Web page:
Hong Kong Christians protest religious oppression in China

More than 50 Christians in Hong Kong marched to the Beijing liaison office over the weekend to protest the religious oppression happening in mainland China.

(Reuters/Bobby Yip)Cardinal Joseph Zen (C), an outspoken critic of Beijing, along with other protesters takes part in a demonstration to demand religious freedom in China outside the China Liaison Office in Hong Kong, July 11, 2012.

Cardinal Joseph Zen Ze-kiun was among those who attended the Hong Kong protest against violation of religious freedom in China. The organizers of the activity say Chinese authorities have forcibly taken down crosses from more than 2,000 churches in Zhejiang in the last two years, the South China Morning Post relays.

The Hong Kong Christian Institute, Christian Social Concern Fellowship, Catholic Commission for Justice and Peace in Hong Kong, and Christians for Hong Kong Society were the groups that attended the protest at the Hong Kong Liaison Office with China. The demonstrators laid down flowers to honor the memory of those who died fighting for religious liberty in China, Asia News reports.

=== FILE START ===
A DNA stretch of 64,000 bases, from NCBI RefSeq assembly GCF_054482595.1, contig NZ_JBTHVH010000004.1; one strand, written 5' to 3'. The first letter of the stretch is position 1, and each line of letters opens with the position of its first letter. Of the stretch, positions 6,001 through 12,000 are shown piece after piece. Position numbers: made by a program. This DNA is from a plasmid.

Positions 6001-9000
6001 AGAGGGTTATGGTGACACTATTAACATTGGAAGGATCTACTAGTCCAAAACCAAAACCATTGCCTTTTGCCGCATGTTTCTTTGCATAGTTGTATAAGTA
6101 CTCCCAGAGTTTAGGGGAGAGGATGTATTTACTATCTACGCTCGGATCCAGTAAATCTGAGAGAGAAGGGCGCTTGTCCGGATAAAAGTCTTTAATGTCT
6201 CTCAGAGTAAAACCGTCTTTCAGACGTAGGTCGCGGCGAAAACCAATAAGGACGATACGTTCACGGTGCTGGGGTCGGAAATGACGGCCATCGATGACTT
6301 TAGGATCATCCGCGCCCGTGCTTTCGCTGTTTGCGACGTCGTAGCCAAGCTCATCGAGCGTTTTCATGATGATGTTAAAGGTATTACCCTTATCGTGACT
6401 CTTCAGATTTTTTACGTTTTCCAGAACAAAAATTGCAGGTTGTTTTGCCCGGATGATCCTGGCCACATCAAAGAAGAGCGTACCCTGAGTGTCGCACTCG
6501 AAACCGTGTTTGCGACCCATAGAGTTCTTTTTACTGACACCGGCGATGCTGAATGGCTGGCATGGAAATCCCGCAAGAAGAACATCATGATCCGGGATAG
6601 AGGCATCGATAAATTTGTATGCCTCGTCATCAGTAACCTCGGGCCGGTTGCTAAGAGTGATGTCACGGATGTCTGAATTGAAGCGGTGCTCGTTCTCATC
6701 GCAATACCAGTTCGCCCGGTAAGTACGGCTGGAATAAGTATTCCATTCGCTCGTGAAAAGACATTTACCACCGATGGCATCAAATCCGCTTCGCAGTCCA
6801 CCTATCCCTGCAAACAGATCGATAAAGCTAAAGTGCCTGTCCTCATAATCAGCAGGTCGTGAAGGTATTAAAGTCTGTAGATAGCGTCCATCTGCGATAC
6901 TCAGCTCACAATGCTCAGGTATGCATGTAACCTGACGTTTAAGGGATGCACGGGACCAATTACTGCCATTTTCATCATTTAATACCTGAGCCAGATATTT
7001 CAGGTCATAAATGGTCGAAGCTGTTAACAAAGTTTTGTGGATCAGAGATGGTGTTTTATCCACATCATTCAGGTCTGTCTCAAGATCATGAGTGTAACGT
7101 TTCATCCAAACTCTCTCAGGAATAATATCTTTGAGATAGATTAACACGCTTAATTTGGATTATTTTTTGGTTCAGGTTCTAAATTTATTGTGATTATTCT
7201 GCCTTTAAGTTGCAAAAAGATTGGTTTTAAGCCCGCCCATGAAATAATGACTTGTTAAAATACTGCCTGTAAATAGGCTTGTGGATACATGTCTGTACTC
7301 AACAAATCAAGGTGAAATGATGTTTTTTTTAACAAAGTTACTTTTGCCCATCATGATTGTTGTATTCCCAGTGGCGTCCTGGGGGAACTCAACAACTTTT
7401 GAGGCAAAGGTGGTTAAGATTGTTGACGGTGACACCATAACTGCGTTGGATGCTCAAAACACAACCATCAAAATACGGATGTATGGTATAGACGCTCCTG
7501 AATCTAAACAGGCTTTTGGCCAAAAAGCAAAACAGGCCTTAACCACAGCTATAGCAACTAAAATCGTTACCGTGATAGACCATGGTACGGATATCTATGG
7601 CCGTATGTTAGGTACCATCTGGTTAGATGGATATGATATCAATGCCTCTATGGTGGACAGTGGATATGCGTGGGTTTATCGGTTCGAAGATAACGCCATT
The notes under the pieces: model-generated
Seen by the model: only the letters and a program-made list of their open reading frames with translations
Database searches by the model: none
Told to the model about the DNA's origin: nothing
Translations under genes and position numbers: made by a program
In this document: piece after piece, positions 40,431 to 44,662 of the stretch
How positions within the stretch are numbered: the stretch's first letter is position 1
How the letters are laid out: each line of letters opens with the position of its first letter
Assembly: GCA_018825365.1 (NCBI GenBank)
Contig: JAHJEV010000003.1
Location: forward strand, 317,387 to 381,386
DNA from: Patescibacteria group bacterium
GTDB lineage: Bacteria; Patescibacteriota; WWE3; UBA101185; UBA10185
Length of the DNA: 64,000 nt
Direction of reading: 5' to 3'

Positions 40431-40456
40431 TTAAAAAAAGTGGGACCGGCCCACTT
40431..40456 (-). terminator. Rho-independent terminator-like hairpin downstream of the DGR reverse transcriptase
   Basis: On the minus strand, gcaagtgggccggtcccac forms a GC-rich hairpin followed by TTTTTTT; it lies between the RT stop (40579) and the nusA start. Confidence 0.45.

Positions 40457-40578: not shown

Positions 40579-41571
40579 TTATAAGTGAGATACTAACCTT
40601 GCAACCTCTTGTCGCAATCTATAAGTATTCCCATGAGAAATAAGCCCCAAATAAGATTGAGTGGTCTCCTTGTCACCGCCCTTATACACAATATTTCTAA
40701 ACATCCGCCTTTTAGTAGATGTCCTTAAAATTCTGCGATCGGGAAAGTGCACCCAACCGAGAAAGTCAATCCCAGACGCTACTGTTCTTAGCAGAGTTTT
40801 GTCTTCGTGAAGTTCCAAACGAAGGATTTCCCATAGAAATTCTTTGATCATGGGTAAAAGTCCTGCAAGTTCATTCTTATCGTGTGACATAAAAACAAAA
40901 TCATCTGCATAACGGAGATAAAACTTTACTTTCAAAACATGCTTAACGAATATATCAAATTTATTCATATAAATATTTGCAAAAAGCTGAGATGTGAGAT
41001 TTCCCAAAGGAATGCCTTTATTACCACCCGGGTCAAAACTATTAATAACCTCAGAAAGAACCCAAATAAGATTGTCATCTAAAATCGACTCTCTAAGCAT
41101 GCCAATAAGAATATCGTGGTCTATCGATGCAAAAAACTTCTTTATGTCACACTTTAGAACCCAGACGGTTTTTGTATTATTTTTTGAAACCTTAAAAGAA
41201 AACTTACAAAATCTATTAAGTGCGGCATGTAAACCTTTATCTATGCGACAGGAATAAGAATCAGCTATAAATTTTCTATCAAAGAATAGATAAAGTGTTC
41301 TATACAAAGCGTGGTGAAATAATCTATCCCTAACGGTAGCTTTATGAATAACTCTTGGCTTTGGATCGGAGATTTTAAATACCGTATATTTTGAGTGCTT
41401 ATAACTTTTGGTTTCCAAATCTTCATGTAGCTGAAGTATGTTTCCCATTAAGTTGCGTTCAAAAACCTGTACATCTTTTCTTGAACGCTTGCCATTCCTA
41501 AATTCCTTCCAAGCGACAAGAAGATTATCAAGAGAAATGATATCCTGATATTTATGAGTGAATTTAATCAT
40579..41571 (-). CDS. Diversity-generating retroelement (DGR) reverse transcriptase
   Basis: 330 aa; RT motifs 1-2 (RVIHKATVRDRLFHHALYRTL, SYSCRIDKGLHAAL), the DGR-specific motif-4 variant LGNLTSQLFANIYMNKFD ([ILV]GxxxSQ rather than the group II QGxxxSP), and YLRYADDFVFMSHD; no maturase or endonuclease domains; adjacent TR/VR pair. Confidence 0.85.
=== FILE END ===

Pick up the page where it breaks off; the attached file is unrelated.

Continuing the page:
Former Hong Kong bishop Cardinal Zen delivered a sermon during the protest and said they cannot just watch silently while their brethren in mainland China are being persecuted for their faith. He called on the country's leaders to investigate the situation, release the imprisoned religious leaders, and give back the citizens' religious liberty.

"We can't just watch on the side. If we don't speak out, we are the accomplices," said Cardinal Zen. "We want the country's leadership to seriously look into the barbaric actions used to breach religious freedom and to guarantee the rights of citizens to personal safety and to give back respect to worshippers."

In addition, the retired bishop pointed out the deteriorating freedom of religion in Hong Kong. Expressing concern that the anti-Christian campaign could reach Hong Kong, Cardinal Zen called on citizens to move to prevent the situation from getting worse.

The protest of Hong Kong Christians come on the heels of Chinese President Xi Jinping's speech during a recent meeting in which he emphasized the superiority of the Communist Party over religious groups.